Interestingly enough, my husband had knee surgery a few weeks ago, so he has been on crutches. He's getting frustrated about not being able to get around, and I've witnessed him struggling to do everyday things he used to take for granted...carrying a glass of juice or grabbing something from the other side of the room. I've watched him scoot himself across the floor and find creative ways to get himself ready in the morning.

The other day I admitted to him how much it hurt me to see him struggle, but what hurt me more is knowing that our Brooklyn may some day struggle like that on a daily basis. He admitted that he had been thinking the same thing.

Isn't that just God's perfect timing? It stung a little bit to envision our daughter not being able to do everyday tasks with ease, but it also gave us a chance to think about all the things that she might be able to do! That is why we are going through this casting process and giving her this surgery. We want to give her every chance at an independent life. This makes the anxiety of the surgery and the frustration of the weekly casting so much easier to handle...remembering that it is getting our baby's legs ready for all the walking we hope she'll be doing some day! :)

Sure, we have no idea what the future will hold -- and odds are it will be filled with some struggles -- but I feel confident that God will guide us to the right doctors, therapists, and opportunities to give Brooklyn the best future possible. Or better yet, the future He planned for her all along.

Lisa (@ Heaven Sent)

*The Ten Commandments for Parents of Handicapped Children*

I wanted to share something with all of you that I found at this website: Spina Bifida Support. I have this printed out and up on our fridge as a daily reminder!!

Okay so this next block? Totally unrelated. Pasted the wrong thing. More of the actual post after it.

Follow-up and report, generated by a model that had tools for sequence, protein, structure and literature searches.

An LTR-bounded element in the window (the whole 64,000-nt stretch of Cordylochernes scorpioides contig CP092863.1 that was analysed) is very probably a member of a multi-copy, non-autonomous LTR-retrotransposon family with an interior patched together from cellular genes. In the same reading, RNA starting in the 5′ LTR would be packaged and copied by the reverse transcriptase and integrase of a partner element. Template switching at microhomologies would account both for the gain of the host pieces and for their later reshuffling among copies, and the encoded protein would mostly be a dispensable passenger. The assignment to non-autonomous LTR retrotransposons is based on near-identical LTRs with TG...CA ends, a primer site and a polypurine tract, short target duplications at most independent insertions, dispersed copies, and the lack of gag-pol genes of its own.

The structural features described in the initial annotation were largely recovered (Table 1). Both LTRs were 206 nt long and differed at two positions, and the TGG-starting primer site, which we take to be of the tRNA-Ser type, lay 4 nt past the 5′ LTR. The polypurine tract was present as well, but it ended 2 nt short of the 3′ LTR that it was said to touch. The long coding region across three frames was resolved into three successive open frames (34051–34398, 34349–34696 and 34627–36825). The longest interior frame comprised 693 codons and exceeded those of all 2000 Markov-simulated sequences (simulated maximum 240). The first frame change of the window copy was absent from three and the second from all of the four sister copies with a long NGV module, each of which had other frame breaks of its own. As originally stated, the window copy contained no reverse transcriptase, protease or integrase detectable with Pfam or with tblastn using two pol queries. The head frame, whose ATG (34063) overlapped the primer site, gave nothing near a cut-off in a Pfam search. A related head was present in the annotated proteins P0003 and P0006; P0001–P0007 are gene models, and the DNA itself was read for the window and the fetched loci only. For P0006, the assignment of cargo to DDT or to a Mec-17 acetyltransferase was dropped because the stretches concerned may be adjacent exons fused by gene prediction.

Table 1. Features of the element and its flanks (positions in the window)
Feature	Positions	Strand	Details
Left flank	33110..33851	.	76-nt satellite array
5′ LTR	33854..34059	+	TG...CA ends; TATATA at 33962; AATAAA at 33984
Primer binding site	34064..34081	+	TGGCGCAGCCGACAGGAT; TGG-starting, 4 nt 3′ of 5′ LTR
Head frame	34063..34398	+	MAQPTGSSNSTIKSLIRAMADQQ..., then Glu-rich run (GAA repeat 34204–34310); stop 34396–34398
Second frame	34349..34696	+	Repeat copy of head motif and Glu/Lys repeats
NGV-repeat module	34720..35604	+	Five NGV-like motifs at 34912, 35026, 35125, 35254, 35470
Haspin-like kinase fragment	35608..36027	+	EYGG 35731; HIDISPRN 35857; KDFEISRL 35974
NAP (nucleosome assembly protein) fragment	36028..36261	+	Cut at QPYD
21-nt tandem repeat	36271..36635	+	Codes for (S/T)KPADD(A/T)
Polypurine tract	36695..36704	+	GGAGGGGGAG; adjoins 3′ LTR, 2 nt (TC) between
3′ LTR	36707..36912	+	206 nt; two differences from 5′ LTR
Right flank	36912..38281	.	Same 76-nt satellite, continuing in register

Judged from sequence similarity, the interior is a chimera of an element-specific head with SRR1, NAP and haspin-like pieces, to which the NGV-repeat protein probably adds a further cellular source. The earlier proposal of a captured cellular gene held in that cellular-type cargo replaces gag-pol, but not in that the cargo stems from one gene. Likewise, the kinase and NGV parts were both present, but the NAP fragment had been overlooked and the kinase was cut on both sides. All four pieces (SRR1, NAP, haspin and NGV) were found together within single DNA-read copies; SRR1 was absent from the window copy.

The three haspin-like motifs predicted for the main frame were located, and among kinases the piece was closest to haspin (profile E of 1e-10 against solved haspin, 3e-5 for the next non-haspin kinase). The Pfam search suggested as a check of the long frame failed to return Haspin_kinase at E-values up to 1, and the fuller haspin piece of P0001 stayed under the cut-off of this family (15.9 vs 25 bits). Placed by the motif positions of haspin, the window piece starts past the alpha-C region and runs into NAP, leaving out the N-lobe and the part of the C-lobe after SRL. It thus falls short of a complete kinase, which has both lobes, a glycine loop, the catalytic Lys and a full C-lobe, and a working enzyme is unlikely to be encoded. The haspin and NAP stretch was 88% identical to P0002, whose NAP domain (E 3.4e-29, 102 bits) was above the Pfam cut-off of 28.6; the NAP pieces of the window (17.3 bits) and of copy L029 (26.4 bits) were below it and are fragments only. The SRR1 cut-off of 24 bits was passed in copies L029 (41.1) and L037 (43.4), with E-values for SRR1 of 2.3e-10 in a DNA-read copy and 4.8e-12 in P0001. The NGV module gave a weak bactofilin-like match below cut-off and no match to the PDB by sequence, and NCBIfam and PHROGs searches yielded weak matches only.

1. Take one day at a time, and take that day positively. You don't have control over the future, but you do have control over today.

2. Never underestimate your child's potential. Allow him, encourage him, expect him to develop to the best of his abilities.

3. Find and allow positive mentors: parents and professionals who can share with you their experience, advice, and support.

4. Provide and be involved with the most appropriate educational and learning environments for your child from infancy on.

5. Keep in mind the feelings and needs of your spouse and your other children. Remind them that this child does not get more of your love just because he gets more of your time.

6. Answer only to your conscience: then you'll be able to answer to your child. You need not justify your actions to your friends or the public.

7. Be honest with your feelings. You can't be a super-parent 24hours a day. Allow yourself jealousy, anger, pity, frustration, and depression in small amounts when ever necessary.

8. Be kind to yourself. Don't focus continually on what needs to be done. Remember to look at what you have accomplished.